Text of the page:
Brady Street Parking Lot Goes Permeable
No more runoff into the sewer system. A look at the Lower East Side's best parking deal
The Brady Street Public Parking Lot is located between N. Arlington Pl. and N. Warren Ave., with only pedestrian access to its namesake street. It runs east-west, hidden behind the shops and apartments of the Passeggio on Brady Street. The city-owned lot was developed in tandem with the Passeggio in 1996, with four spaces reserved for its residential tenants. The lot also is home to two Zipcars, ready and waiting at $12 per hour, and two electric charging stations, neither of which has yet been installed. There are 51 metered spaces for the public, but on a recent visit, no meters were attached to their mounts, so parking was free.
The parking surface itself is immaculate, and freshly laid as part of a green infrastructure project started in June and slated for July completion. Although such minor details as the installation of a means for the collection of parking revenue are not yet in place, the heavy work has been done, and a parking lot is, by definition, something you build from the ground up.
“We calculated that up to 26,672 gallons are captured by the pavers per rain event at the Brady St. location,” he writes Urban Milwaukee in an email message.
According to DeNeve, “The bid cost of the project was $185,892.00 paid 100% from city dollars.” The contractor was American Sewer Services, which fired a worker who had a Ku Klux Sign and Confederate Battle Flag decal on his cooler while working on a city job in December 2017, as Urban Milwaukee reported.
Previously, workers had been seen on a job site bearing firearms.
How to Pave, Permeably
The parking lot was done in two stages, and operated at half capacity during the project, so as to keep money flowing through the meters, which still were in place at the time. Workers excavated the areas to receive the permeable paving, amounting to two good-sized rectangles that take up about a third of the total surface area. The excavations were filled with gravel, and a mesh was laid above that area, which does the real work of capturing water for slow release. The mesh would provide a base for the top layer. That traffic surface consists of concrete masonry units with serrated edges, leaving a wide enough gap between to allow storm water penetration. It will be interesting to see how it handles shoveling and plowing and the eventual melt of spring, which can also lead to sewer overloads. The system should be less subject to potholes, and more readily repaired should they develop.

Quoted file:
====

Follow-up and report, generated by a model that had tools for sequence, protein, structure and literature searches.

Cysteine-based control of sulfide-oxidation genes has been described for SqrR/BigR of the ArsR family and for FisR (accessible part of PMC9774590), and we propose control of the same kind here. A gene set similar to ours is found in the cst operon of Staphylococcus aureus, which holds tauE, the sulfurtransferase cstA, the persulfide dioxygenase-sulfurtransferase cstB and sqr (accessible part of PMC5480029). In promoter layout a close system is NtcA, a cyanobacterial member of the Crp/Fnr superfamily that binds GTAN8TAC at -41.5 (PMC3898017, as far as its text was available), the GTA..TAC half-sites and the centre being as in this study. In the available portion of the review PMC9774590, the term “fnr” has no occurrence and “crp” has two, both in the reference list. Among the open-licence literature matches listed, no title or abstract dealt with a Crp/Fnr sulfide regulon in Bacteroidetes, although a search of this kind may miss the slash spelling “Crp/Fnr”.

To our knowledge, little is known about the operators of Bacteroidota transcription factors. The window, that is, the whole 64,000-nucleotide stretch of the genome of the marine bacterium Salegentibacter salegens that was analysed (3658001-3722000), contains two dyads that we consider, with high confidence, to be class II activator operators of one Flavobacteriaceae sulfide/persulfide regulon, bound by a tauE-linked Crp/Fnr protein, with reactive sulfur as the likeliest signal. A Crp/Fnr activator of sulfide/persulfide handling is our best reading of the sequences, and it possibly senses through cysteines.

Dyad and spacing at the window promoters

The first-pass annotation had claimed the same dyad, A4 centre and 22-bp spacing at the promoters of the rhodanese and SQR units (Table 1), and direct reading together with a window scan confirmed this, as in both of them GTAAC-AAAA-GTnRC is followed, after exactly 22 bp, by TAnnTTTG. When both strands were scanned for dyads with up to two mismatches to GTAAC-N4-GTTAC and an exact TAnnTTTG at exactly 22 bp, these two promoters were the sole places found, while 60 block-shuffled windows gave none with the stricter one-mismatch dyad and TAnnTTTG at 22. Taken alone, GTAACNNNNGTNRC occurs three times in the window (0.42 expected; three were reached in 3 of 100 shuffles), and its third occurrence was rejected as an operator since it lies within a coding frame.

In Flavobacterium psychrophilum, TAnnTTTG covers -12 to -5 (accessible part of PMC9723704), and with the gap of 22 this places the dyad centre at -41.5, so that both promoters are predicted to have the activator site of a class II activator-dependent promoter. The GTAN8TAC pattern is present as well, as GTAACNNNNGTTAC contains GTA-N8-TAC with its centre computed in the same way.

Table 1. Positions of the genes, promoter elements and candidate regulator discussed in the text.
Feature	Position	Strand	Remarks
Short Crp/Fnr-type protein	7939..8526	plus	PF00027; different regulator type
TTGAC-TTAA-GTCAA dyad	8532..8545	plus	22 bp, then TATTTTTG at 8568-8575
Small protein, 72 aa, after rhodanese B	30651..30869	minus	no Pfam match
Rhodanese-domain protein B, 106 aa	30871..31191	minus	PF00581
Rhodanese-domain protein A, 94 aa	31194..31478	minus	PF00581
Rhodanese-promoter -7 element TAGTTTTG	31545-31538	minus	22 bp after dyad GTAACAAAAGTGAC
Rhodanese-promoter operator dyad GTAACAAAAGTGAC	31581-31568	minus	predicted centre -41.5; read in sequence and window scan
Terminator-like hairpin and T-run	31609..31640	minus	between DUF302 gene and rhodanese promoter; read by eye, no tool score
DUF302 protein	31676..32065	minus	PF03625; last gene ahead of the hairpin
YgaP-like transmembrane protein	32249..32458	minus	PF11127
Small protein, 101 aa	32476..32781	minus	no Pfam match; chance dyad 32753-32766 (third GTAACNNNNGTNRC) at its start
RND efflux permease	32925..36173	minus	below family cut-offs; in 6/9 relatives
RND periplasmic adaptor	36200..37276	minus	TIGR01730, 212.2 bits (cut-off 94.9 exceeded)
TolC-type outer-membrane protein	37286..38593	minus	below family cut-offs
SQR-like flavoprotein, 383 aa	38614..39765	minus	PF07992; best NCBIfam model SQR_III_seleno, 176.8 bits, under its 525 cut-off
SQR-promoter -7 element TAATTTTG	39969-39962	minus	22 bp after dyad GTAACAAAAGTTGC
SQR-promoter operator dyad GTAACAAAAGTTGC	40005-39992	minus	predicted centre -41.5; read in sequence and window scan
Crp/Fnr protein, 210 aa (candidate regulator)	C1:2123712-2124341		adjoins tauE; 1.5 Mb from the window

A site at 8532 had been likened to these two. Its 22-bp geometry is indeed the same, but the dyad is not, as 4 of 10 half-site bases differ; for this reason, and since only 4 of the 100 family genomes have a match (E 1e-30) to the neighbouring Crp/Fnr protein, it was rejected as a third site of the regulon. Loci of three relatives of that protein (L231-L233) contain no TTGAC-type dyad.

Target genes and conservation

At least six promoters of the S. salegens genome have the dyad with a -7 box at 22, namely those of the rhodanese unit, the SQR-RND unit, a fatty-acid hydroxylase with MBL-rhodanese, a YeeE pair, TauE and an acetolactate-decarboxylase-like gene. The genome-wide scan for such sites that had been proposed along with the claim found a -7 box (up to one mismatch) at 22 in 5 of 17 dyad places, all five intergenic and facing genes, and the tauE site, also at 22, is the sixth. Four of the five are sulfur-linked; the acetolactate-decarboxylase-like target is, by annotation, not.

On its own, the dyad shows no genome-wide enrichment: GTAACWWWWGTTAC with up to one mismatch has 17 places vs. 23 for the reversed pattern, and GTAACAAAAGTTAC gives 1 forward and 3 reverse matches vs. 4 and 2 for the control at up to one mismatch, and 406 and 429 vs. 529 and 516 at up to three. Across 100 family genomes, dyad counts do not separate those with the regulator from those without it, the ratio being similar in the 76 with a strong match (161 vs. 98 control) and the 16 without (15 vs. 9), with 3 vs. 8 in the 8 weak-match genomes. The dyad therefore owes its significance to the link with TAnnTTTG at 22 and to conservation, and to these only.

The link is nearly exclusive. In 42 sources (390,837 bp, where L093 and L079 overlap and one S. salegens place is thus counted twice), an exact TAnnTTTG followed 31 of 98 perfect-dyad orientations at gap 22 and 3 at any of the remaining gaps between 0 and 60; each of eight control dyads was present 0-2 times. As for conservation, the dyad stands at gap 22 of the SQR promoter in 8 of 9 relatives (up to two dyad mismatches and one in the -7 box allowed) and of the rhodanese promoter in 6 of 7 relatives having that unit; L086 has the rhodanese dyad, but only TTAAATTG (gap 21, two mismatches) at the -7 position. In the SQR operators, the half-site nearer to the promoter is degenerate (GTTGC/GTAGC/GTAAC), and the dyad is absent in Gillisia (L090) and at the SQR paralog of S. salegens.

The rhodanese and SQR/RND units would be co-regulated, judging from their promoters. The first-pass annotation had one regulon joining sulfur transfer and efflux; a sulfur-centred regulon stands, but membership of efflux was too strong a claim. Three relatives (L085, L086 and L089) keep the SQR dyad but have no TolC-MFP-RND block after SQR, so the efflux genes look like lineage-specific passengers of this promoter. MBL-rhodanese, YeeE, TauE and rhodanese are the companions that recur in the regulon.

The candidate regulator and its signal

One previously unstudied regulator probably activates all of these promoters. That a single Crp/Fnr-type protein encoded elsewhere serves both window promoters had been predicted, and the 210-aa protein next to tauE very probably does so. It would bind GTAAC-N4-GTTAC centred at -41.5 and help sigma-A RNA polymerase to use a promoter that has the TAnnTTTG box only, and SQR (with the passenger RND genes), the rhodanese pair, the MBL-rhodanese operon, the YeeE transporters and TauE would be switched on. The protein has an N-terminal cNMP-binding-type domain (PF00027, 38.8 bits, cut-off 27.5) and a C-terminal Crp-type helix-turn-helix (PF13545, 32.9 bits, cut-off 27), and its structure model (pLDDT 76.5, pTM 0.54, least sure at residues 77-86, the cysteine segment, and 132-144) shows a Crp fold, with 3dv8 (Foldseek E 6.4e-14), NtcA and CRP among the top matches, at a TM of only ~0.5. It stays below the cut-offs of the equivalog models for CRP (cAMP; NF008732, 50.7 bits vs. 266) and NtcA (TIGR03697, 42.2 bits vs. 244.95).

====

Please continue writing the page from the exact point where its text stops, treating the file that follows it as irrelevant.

Project Benefits Cited
According to an email from DeNeve:
Project benefits include:
- Naturally filters water as it flows through the paver system
- Allows water to infiltrate into the ground
- Reduces the amount of stormwater runoff going to the sewer system (i.e. preventing overflows)
Part of “Broader Strategy”
According to Erick Shambarger, the Environmental Sustainability Director of the City of Milwaukee Environmental Collaboration Office (ECO):
This lot is part of a broader City strategy as outlined in the City’s Comprehensive Green Infrastructure Plan. The combination of too much hardscape and the increasing risk of extreme storms from climate change leads to flooding risk. So we are working to incorporate natural solutions into DPW, Milwaukee Public Library, and MPS lots to help better manage storm water and improve Milwaukee’s environment.
In addition to this lot, DPW recently incorporated green infrastructure into City-owned lot near the Mitchell Street Library. And Milwaukee Public Library is also redoing five of their parking lots to include green infrastructure. … DPW is doing a great job in making their parking lots more attractive and environmentally sustainable.
The push for such green infrastructure as permeable paving, green roofs and the like has been led by the Milwaukee Metropolitan Sewerage Commission (MMSD) as a more cost effective way to reduce stormwater runoff into the sewer system than building yet another Deep Tunnel, and the City of Milwaukee has worked cooperatively with the MMSD on this goal.
Note: I contacted Megan O’Connor, the city’s liaison for the project asking for an update on the meter and electric charger situation, but did not hear back by the time of publication.
Brady Street Public Parking Lot
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Plenty of Horne
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One thought on “Plenty of Horne: Brady Street Parking Lot Goes Permeable”
Europe has been building its streets, sidewalks and parkways with similar surfaces as this for decades and yet we are so backwards in the US we can’t even pave a whole lot like this. Nice start, but let’s get with it, America.